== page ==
Chances are if you've perused Facebook recently one of your meat-loving friends has declared the end of all things good in this world. That's because a new World Health Organization report found that eating processed meat may heighten the risk of colon cancer. Even worse, the consumption of other red meats probably has the same effect.
The World Health Organization report
The report, conducted by the International Agency for Research on Cancer, classified the consumption of processed meat in the Group 1 category, meaning the organization found sufficient evidence suggesting that this intake has a direct correlation to an increased risk for colorectal cancer.
The study concluded that for every 50 gram portion of processed meat a person consumes daily, their risk for colorectal cancer rises by 18 percent.
The statistics regarding red meat are a little less clear. Red meat was categorized into Group 2A, meaning that conclusions about red meat's connection to cancer were based on limited evidence.
The report clarified what kinds of meat fall into each category. All types of mammalian muscle meat are considered red meat. This includes goat, veal, pork, beef, mutton, horse and lamb.
Processed meat, on the other hand, refers to any meat that has gone through a transformation process such as salting or curing. These methods set out to enhance the flavor of meat and improve overall preservation but the process is what ultimately links the products to cancer. The types of meat mentioned specifically were: hot dogs, ham, sausages, corned beef, beef jerky, canned meat and meat-based sauces.
"For an individual, the risk of developing colorectal cancer because of their consumption of processed meat remains small, but this risk increases with the amount of meat consumed," said Dr. Kurt Straif, Head of the IARC Monographs Programme in the report. "In view of the large number of people who consume processed meat, the global impact on cancer incidence is of public health importance."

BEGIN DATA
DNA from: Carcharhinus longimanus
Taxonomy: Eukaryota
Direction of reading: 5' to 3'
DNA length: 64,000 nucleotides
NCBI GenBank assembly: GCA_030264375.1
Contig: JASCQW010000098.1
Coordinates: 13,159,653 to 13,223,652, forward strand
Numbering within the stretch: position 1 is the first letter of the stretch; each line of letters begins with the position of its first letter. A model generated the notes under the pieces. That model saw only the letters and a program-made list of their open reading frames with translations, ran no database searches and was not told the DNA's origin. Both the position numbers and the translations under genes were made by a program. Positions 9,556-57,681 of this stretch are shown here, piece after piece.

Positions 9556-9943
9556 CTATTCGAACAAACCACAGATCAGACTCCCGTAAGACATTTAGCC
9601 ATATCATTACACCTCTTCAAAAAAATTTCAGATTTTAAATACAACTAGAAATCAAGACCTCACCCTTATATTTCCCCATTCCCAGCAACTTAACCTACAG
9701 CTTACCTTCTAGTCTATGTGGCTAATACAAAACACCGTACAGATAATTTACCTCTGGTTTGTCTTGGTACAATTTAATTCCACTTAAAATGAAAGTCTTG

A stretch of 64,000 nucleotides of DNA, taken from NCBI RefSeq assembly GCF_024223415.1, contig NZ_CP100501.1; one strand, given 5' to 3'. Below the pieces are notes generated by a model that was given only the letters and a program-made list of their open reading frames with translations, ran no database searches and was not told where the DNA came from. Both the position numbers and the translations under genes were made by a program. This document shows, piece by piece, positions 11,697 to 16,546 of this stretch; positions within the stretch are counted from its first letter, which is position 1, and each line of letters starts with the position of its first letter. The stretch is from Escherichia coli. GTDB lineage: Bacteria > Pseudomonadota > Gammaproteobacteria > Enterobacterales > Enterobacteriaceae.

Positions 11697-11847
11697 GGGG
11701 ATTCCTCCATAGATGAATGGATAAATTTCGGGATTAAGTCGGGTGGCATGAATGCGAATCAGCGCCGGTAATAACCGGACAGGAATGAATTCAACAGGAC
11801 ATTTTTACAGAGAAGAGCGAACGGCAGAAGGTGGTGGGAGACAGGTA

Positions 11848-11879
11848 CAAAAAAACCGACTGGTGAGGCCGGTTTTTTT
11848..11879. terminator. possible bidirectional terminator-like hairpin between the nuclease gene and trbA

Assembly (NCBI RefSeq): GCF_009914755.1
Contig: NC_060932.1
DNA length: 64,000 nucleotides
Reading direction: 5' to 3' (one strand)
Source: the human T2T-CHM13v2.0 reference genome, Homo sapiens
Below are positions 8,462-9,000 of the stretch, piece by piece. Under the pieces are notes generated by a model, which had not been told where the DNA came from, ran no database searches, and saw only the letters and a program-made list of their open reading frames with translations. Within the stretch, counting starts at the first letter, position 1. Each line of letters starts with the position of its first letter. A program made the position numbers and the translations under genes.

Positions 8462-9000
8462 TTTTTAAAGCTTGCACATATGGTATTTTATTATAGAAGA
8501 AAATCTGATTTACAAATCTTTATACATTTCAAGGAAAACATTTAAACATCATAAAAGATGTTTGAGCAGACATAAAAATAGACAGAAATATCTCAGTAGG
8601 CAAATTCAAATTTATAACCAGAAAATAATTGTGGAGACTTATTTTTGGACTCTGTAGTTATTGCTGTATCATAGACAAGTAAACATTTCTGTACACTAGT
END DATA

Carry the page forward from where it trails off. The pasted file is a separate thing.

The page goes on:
Meat industry response
For obvious reasons, makers of processed meat were not pleased with the findings of this report.
While processed meat did fall in the same category as tobacco and alcohol, the meat industry is urgently pointing out that items placed in the same category do not necessarily have the same cancer-correlating risk, reported The New York Times.
The real question will be how this report affects supply chain distributors within the meat industry. If meat sales decline, the report will likely be cited as a key catalyst.
As for your meat-loving friends, tell them just like everything else in life, their beloved bacon is fine in moderation.
"I think it's very important that we don't terrorize people into thinking that they should not eat any red meat at all," said the Chairman of Disease Prevention at Stanford University Dr. John Ioannidis to the Times. "There's some risk involved, but it's much less than smoking or alcohol. I think it would be an exaggeration to say based on this that no one should be eating red or processed meat."